Leadership for equity requires a firm sense of self-awareness, a deep understanding of our values, and a willingness to experience discomfort. Committing to equity requires the courage and integrity to act in ways that align and help move our systems forward.
Leading during turbulence is about caring for and connecting with the people we lead. It’s about creating spaces for curiosity and emotion to surface so healing can begin. We can use the SEL competencies we teach our students to begin the work and ensure we are on the right path.
A comprehensive induction program for new support staff employees is a part of our district’s overall planning process. It aligns with our district’s direction and purpose, helping employees gain confidence and feel a sense of belonging.
The goal is to keep them motivated so our students reap the benefits. By investing in our existing employees and beefing up our attention to supporting new employees, we stand a much better chance of being seen as an employer of choice for top talent.
Supporting female and culturally diverse leaders takes conscious efforts to lead inclusively and address and dismantle hidden biases. It also means actively looking for ways to inspire their best.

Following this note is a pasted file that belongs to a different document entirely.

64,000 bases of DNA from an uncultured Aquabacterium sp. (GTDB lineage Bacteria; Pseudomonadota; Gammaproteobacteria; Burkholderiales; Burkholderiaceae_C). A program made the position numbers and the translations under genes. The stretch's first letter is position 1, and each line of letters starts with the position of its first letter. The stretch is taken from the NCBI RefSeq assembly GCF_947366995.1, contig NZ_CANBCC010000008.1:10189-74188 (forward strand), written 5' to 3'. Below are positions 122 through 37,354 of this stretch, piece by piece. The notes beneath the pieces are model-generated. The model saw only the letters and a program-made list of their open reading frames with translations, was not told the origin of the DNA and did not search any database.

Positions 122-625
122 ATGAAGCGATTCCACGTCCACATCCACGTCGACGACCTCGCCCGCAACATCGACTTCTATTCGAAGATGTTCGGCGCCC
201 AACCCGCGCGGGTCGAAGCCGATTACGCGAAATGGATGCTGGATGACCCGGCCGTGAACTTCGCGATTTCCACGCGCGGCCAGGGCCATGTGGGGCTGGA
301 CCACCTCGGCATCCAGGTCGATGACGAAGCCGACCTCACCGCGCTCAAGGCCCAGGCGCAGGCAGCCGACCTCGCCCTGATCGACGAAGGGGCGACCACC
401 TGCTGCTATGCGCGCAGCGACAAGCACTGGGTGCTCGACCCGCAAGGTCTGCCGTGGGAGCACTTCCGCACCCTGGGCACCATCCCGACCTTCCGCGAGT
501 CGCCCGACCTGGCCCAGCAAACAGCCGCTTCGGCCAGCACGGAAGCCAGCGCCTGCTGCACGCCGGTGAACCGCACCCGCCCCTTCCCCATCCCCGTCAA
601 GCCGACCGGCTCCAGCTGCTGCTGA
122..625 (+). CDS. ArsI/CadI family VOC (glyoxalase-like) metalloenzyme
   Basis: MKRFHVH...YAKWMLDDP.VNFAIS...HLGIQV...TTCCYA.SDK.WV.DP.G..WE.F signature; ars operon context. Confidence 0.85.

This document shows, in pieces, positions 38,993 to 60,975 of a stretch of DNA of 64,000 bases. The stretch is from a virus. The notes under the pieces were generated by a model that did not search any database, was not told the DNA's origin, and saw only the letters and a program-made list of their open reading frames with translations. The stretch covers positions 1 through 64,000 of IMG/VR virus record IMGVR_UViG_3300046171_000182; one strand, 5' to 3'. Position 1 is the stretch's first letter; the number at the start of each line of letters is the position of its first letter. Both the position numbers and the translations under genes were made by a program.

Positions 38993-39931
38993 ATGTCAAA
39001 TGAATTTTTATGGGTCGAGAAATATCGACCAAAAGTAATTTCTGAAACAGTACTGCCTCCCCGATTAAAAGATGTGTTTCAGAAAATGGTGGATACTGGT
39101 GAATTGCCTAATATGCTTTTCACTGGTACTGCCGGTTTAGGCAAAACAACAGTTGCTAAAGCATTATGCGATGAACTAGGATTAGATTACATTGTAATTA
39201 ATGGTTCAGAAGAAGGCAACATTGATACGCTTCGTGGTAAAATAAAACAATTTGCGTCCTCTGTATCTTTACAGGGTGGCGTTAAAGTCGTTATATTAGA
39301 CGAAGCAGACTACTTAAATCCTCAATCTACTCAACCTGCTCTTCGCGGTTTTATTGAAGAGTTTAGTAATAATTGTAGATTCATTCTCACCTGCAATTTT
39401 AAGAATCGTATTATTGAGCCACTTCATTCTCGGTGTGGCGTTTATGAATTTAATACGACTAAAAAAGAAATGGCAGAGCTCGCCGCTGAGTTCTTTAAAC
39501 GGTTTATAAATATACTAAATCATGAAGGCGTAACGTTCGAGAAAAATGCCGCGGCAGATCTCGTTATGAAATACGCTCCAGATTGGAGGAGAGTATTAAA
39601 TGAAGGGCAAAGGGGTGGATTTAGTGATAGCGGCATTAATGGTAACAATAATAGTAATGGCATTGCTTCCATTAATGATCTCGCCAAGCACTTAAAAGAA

Inclusive school leaders have a responsibility to help educate and lead policies that ensure students with food allergies are not only safe, but are included and feel a sense of belonging at school. With 1 in 13 children now struggling with food allergies, it means we need to be more aware, concerned, and responsive than ever before.
Great leaders root themselves in a noble purpose, align it with a compelling vision, and then take action. Not just for that quarter or even that year. But for the rest of their lives. For me, that noble purpose is equity. It is my North Star.
I recently spent an entire work day meeting with a group of about 20 employees.…
When central office leaders spend time as guest teachers, we are better positioned to learn about and address the ins and outs related to systemic equity in the district we lead.
It’s been years since that article came out, but I can recall the sentiment with great clarity. It left an imprint on my memory, as it was the first time I had ever experienced such strong emotions as a professional.
I’ve worked my entire career to be inclusive and equitable; to promote a culture of emotional and physical safety for students and adults. So I have to believe that changes geared toward helping all students and adults feel a sense of belonging, connection, and meaningful engagement in our schools are better achieved by being for something rather than against.